Junior School Sports Day
Junior School Sports Day


Personal goals can be frustrating because we often fail to achieve them

Boyhood Zimbabwe Leadership Goals

Few would deny that having and achieving your personal goals is an essential part of being happy and feeling good about yourself. But it’s also true that far too often we come up short when it comes to our personal goals. This week, we will explore why we struggle and then turn it around to set goals that stick.

A personal story

When I was sixteen I hit an all-time low. After ignominiously failing all my school leaving exams, I put on weight despite showing early promise as an athlete. I was jocularly called “Roundy Rooney” by my sharper-tongued friends. Though I felt dispirited, I also felt highly motivated to change.

There was no quick fix for my academic record, but I did start taking better care of myself. I started running and working out. This, in turn, led me to develop a better self-image. I returned to playing sports competitively and began feeling better about myself. Besides helping me lose weight, those vigorous workouts had another massive side benefit: the endorphins, or “happy hormones,” released during training were key in restoring my mental well-being and increasing my low self-esteem.

The best thing about a workout program is that it is hard to fail. You are not competing against anyone—just yourself! You can begin by setting a goal that is nearly impossible to fail at, say 5 measly minutes a day. Before long, 5 minutes climbs to 10, and soon the daily workout is practically automatic. Eventually, 30 minutes becomes a breeze.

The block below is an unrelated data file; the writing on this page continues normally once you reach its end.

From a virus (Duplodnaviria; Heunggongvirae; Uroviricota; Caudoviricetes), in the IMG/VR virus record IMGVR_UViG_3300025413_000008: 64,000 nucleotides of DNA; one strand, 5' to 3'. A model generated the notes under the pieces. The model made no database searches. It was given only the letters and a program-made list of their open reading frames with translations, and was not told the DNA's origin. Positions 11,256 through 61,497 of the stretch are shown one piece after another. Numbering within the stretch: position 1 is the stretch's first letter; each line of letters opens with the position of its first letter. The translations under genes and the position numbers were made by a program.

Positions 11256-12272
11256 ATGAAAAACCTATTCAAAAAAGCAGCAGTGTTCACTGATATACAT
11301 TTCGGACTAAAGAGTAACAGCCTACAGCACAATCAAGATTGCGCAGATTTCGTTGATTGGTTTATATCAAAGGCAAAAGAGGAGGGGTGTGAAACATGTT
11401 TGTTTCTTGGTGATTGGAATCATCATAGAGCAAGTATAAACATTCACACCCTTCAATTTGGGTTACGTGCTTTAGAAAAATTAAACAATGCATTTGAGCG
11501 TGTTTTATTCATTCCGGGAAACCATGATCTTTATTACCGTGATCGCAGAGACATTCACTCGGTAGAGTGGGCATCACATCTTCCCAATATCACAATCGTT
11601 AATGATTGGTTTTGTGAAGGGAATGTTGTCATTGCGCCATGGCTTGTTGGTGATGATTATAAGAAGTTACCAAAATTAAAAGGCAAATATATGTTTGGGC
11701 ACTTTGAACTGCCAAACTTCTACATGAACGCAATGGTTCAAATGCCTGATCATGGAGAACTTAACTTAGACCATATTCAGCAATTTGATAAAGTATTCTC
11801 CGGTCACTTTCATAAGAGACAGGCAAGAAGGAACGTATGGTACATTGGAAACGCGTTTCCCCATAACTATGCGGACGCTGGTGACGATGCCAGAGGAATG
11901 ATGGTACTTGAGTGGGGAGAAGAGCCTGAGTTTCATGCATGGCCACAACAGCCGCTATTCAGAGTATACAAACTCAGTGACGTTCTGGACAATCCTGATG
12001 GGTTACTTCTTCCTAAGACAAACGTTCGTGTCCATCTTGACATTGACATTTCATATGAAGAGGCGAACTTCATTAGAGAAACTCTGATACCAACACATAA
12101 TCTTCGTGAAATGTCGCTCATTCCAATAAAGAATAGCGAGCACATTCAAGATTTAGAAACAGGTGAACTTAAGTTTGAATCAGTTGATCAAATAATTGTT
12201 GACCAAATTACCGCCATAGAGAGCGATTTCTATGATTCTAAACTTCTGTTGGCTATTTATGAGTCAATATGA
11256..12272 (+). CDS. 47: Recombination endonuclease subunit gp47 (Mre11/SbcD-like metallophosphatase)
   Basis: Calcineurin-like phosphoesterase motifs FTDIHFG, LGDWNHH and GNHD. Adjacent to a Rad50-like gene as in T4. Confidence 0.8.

In my case, after 3 months of seeing positive results, I wouldn’t let a single day go by without doing my workout regime: daily exercise had embedded itself in my life. What was once a “new” habit is now a critically important part of my daily routine. Since my teenage years, I have only very rarely missed a day when I do not work out between 30 and 90 minutes. My weight is stable, and I enjoy a healthy diet uplifted in the evening with my ritual glass of wine (or two!).

What are the two key lessons we can take from this story about making personal goals that stick?

#1: Your goal(s) must be personally meaningful and important to you

As a teenager, I was highly motivated to change. I wanted to lose weight and get into great shape so that I could restore my self-respect and make the best of my athletic skills. The sacrifice of giving up potatoes—a food I loved!—and enduring boring road running seemed a small price to pay for this desired outcome.

Therefore, to set goals that stick, you will need to feel a strong sense of purpose— sufficiently strong that you can endure the “pain” of giving up whatever you need to sacrifice in order to establish new and better habits.

#2: A new habit typically takes a lot longer to “stick” than you think, so don’t expect overnight success.

New habits do not grow overnight. Some can take as little as 30 days to establish, but most typically take a lot longer—as much as 90 to 120 days. Initially, you need to see small and steady incremental improvements so that you feel motivated to keep going. Start out with a mini daily goal (e.g., 5 minutes of walking) that you are guaranteed to achieve. Then slowly increase the target towards your ultimate goal. Typically, after 30 to 90 days, your new habit becomes automatic, a behavior you do without much conscious thought.

One final thing about making exercise a habit: working out and keeping fit are considered “anchor goals.” That means exercise works synergistically with other personal goals, making it easier to achieve them.